I had contacted them through email because noone was answeing the phone and that was the response I got. I'll try them again in a bit.
I'm seeing in the Technical data sheet that a coating of surebond has to be put before the deep patch. If I can't find that, would poly v work as a substitute or is there something else I can use?


Call them. I got through on 386-4087.


I got through to them. Thanks alot bro! The guy said it doesn't need any adhesive, just add water and spread but I'm still thinking of brushing on some poly v on the surface before spreading since its not a large area. My only problem now is this unpredictable weather lol

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eitech
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Re: Building a house in Trinidad

Postby eitech » August 20th, 2021, 6:42 pm

I just installed an additional water tank. Should i leave them both lined up to the pump or use one at a time, or does it matter?

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Re: Building a house in Trinidad

Postby pugboy » August 20th, 2021, 6:46 pm

use both so water don’t get stagnant in the unused one
hopefully they are same sized and at same level
if so then you just need to hook up the bottom lines and both will fill from one side.

if they are diff heights you likely to have problems with higher one overflowing the lower one
eitech wrote:I just installed an additional water tank. Should i leave them both lined up to the pump or use one at a time, or does it matter?

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Re: Building a house in Trinidad

Postby eitech » August 20th, 2021, 6:59 pm

pugboy wrote:use both so water don’t get stagnant in the unused one
hopefully they are same sized and at same level
if so then you just need to hook up the bottom lines and both will fill from one side.

if they are diff heights you likely to have problems with higher one overflowing the lower one
eitech wrote:I just installed an additional water tank. Should i leave them both lined up to the pump or use one at a time, or does it matter?


Ok. One is slightly larger than the other however both have check valves at the outlet so neither can push into the next.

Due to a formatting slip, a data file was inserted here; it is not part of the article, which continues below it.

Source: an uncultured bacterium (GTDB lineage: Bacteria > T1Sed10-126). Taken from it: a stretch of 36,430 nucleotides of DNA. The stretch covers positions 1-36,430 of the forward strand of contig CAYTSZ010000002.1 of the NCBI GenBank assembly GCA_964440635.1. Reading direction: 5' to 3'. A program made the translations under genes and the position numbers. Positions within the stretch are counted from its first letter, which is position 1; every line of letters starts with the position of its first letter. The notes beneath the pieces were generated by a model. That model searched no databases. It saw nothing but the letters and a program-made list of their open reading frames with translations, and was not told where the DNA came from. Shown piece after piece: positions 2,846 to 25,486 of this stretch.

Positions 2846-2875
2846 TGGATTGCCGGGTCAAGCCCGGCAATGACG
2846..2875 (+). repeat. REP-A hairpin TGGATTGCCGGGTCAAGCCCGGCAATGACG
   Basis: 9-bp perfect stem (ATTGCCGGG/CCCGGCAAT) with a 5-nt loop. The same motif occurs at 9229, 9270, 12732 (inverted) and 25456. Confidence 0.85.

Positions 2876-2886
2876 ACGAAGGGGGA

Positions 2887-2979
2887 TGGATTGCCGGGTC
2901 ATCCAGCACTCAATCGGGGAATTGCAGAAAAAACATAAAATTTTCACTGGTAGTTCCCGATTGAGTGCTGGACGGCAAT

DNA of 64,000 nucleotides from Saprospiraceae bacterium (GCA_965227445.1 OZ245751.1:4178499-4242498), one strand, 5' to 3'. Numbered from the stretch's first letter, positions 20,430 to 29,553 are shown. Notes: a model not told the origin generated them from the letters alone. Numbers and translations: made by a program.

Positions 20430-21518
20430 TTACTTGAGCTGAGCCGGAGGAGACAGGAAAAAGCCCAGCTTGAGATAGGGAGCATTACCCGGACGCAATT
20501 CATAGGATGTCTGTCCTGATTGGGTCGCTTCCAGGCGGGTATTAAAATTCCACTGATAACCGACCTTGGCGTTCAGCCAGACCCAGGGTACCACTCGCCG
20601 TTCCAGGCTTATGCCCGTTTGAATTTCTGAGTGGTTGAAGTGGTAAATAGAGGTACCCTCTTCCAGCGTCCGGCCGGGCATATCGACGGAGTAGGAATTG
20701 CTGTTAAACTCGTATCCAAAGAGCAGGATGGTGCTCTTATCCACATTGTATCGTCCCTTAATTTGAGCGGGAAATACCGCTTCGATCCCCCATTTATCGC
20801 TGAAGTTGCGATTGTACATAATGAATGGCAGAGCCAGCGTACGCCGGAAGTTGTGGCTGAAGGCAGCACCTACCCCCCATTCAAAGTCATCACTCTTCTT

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carluva
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Re: Building a house in Trinidad

Postby carluva » August 20th, 2021, 7:49 pm

As pug said, leave both lined up. Are the check valves on the outlet of each tank spring tensioned check valves or flapper type?

Reason I ask is that some spring check valves need a fair amount of force (pressure) on the upstream side of the valve to over come the spring tension to flow through the valve. You may find that when the water level is high is the tank, the available head pressure from the tank water will be sufficient to overcome the spring tension to flow through the valve. However, at lower water levels in the tank, the available head pressure may not be large enough to flow through the valve. This could lead to no water on the pump suction from that tank(s). If water is not available to pump suction, you'll not get water to the building and, depending how long the pump runs, the pump can get damaged and fail.

If you are using a flapper check valve, you should be good to go as this does not require as much pressure to overcome the flapper.

If using the spring check valve (like the brass Pegler or Aquarius brands) monitor over some time and see how it works for you. I'd suggest running with one tank lined up to see what happens as the water level drops in the tank. Then switch to the other tank and repeat.

The other possible issue you'd need to monitor is the filling of the tank. Without check valves at the bottom of each tank, when filling with water, all tanks equalise levels, even if you are filling only one tank. If however your fill line to one tank is closer to the mains water, depending on water pressure, you may find that one tank may get preferential flow (the tank closer to the mains). With the check valves installed, the levels will not equalise, which is a pro in your case due to the difference in sizes in of the tanks. But in cases with low mains pressure, the tank levels won't equalise and one tank has to be filled before water pressure is enough to flow to the second tank and so on. That may not be a huge issue in the long run, but just something to monitor if you find the tanks take long to fill.


eitech wrote:
pugboy wrote:use both so water don’t get stagnant in the unused one
hopefully they are same sized and at same level
if so then you just need to hook up the bottom lines and both will fill from one side.

if they are diff heights you likely to have problems with higher one overflowing the lower one
eitech wrote:I just installed an additional water tank. Should i leave them both lined up to the pump or use one at a time, or does it matter?


Ok. One is slightly larger than the other however both have check valves at the outlet so neither can push into the next.